There’s either been an explosion in the black bear population in northern Alberta, or the bears are just getting bolder about coming into towns looking for food. Or both.
Either way, there are lots of them and wildlife biologists aren’t shy about recommending hunting as a way of reducing the population.
“There is no other big game animal in Alberta you can hunt through both spring and fall seasons,” says Jim Castle, senior wildlife biologist for the Lesser Slave Lake region.
Bear meat is a good and overlooked source of protein, Castle says, and the area provides “excellent hunting opportunities.”
Bear baiting is legal in some wildlife management units, Castle continues. On the other hand a ‘stealth hunter’ can have success, and fill the freezer this fall. And again in the spring, if he or she likes.
Alberta has an estimated 40,000 black bears, or rather ‘had’ at some point a few years ago when studies were done using radio telemetry and assumptions about range size factored in. Nobody really knows, but evidence in recent years suggests there are a lot of them. Notoriously, one visited a barber shop in Slave Lake back in August, and another was caught on security video entering the Red Earth Inn.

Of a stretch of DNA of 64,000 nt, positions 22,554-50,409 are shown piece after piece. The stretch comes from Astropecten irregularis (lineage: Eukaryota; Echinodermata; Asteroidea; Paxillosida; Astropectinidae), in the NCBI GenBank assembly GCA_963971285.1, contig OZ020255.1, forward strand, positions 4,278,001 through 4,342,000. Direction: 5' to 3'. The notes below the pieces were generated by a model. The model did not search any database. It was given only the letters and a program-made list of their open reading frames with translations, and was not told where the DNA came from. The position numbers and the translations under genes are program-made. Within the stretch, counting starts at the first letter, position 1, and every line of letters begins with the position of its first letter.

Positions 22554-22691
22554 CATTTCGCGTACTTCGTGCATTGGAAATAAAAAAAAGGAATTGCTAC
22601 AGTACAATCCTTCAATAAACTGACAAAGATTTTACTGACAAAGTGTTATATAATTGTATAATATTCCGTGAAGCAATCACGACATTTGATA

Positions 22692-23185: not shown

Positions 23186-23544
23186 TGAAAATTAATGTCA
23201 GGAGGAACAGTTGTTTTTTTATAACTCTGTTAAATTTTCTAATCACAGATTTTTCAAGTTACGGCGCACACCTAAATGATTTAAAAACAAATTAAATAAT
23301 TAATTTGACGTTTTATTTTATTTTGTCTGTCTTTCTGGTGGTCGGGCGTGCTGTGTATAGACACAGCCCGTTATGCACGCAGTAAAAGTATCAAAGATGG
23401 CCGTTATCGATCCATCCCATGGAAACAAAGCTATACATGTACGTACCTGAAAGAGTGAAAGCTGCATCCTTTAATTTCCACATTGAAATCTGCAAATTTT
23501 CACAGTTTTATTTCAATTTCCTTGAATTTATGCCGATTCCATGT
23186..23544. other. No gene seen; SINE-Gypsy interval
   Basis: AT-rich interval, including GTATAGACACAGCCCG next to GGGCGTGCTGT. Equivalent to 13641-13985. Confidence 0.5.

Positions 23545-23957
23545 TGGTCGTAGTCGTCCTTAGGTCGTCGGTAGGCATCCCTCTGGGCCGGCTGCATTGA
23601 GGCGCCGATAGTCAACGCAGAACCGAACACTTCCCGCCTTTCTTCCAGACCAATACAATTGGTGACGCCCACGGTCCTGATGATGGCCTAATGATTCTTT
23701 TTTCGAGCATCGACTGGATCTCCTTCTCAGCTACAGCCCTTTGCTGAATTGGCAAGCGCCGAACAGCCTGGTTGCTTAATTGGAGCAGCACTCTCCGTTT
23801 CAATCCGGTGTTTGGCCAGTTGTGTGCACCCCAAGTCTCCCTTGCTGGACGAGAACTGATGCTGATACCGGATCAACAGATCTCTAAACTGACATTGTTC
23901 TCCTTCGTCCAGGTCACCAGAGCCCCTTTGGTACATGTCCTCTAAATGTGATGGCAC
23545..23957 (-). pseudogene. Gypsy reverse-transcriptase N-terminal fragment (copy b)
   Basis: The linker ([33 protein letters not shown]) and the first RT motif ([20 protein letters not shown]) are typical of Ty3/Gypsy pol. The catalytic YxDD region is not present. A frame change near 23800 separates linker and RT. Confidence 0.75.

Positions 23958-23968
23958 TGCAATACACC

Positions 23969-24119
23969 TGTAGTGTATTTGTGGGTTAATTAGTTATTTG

Trends in black bear hunting in Alberta show a peak in license sales in the late 1970s and a steady decline from there to the late 1990s. Since then the number has climbed, “with approximately 12,000 licenses sold each year since 2008,” says a 2016 black bear management report by Alberta Environment and Parks. Around 1,700 licenses are sold each year to non-resident bear hunters. Those result in about 2,800 black bears being legally harvested per year in Alberta by hunters. Another 210, on average are euthanized as ‘problem’ bears.
But what about that black bear meat? Castle says it’s delicious, and bear fat is also excellent for cooking.
George Gruenefeld, in an article in Outdoor Canada, writes about how surprised he was when ‘forced’ into dining on bear meat as a guest.
“It’s similar to venison, only sweeter,” he said.